A second harm is that evangelicals are mistrusted. Given the deep differences among Americans, evangelical voices have rightly appealed to pluralism as the means for citizens to coexist peacefully, respecting disagreement while working together on those things that do unite us as a nation. But this principled pluralism is made to be a lie when evangelicals employ the state to promote Christian prayers.
The third harm flows from an overly cozy relationship between government and willing local clergy. That the Christian faith receives succor from the city's prayer policy makes it less likely that the church will raise its prophetic voice to criticize the town board when it undertakes bad policies or its officials misbehave.
A fourth harm is the fostering of civil religion by the wedding of piety to patriotism. Civil religion is the confusion of the Christian faith with love of country; an elevation of certain ceremonies, traditions, and habits of a nation to the level of the sacred. This pseudo religion can have a powerful allure, especially to those who have a strong sense of patriotism, a good thing in itself, but not when uncritically mixed with the Gospel. It is a contradiction, of course, to say that the state must avoid establishing Christianity, as our Constitution does say, but then to blink at the establishment of this "common ground" faith.
Some defend the court's ruling as protecting religious exercise for Christians. But free exercise—or freedom of speech, for that matter—has never meant that a people of faith have a right to capture the engines of government and put them to work on behalf of their confession. Still others defend the court because municipal prayer makes Christian belief overall more plausible. This was an impulse in the past, but we have moved beyond a time when evangelicals among sought to make Christianity more marketable buy conforming to the dominate culture. In any case, what shouldn't be done is to harness the government to do the job of the church.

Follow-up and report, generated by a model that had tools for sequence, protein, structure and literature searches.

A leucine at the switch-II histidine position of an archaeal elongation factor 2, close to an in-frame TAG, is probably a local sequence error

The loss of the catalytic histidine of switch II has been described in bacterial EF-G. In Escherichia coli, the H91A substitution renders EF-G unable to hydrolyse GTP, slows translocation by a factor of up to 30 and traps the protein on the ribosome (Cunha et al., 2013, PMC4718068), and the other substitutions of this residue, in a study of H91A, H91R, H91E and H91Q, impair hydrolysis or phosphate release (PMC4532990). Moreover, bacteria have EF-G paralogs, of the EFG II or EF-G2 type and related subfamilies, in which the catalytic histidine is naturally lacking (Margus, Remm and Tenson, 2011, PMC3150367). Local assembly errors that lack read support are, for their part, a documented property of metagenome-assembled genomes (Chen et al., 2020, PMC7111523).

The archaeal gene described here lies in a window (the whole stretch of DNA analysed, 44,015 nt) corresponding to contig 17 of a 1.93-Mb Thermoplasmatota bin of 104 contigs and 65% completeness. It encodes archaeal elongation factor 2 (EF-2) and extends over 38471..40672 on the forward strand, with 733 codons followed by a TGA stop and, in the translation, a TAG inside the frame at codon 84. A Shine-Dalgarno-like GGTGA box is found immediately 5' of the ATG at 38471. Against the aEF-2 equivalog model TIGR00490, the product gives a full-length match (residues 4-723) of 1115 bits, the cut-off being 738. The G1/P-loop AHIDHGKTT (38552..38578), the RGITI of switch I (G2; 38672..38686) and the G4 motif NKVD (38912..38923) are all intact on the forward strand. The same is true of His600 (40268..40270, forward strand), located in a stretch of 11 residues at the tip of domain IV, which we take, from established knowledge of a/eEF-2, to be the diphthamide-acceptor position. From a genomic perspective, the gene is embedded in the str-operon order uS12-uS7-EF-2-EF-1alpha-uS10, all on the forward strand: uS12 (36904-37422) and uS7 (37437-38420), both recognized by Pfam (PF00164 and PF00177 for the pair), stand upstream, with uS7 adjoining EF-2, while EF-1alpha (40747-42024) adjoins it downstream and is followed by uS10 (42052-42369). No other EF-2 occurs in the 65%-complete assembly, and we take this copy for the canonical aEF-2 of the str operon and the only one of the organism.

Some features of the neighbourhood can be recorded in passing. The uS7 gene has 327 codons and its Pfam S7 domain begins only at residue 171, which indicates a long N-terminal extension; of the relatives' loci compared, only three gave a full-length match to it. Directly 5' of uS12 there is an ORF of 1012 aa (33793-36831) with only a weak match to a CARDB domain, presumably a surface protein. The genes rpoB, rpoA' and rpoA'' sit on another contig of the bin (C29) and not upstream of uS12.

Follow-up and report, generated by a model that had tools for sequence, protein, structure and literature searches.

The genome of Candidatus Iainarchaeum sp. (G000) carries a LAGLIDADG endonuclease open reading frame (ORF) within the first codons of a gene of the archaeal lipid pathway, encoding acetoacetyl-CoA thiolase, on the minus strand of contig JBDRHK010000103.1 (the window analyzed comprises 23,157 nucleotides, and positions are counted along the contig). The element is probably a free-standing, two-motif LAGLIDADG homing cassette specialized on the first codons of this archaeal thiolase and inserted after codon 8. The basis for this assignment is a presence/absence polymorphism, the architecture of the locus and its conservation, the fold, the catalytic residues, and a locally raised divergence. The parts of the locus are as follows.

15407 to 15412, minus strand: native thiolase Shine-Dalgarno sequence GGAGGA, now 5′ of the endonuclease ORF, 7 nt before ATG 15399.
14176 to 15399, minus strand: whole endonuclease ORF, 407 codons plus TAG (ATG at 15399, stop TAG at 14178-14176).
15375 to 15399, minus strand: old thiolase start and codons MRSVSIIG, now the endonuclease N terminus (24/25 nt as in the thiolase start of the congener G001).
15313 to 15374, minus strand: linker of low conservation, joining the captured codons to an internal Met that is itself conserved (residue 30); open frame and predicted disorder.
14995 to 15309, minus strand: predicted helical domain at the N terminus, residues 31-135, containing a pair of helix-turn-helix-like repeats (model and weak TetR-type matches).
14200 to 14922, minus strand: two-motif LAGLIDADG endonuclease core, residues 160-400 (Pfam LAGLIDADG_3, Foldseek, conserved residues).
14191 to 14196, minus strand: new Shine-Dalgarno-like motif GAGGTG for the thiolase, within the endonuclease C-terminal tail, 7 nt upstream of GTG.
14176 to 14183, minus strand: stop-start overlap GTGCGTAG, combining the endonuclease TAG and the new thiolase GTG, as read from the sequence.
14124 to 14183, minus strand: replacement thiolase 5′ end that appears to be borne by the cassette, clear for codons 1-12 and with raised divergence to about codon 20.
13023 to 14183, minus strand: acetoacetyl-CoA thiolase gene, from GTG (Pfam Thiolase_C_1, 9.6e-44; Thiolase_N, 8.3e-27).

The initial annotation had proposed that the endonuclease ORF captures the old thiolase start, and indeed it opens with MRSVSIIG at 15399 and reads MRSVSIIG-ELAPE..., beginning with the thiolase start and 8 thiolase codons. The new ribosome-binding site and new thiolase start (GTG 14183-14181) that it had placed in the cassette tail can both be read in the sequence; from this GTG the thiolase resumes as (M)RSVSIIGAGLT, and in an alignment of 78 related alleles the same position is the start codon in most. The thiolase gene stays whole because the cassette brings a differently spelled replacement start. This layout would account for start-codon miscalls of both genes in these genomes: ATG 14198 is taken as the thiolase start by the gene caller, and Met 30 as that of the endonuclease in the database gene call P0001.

While the Supreme Court's handiwork in Town of Greece v. Galloway deviates from the principle of law that regards religion as a voluntary matter, there is some good to come from the case. The court rejected the complainants' invitation to preview the prayers and allow only those that were "nonsectarian" while excluding all others. Government should never have a role in sorting out "approved" prayers from "disapproved" prayers by whatever criteria. More deeply, the nonsectarian prayers advocated by the complainants are a phony pluralism, a vague theism not actually practiced by anyone. Their promotion of nonsectarianism parallels civil religion, a least-common-denominator faith that our Constitution no more allows to be established than the real thing.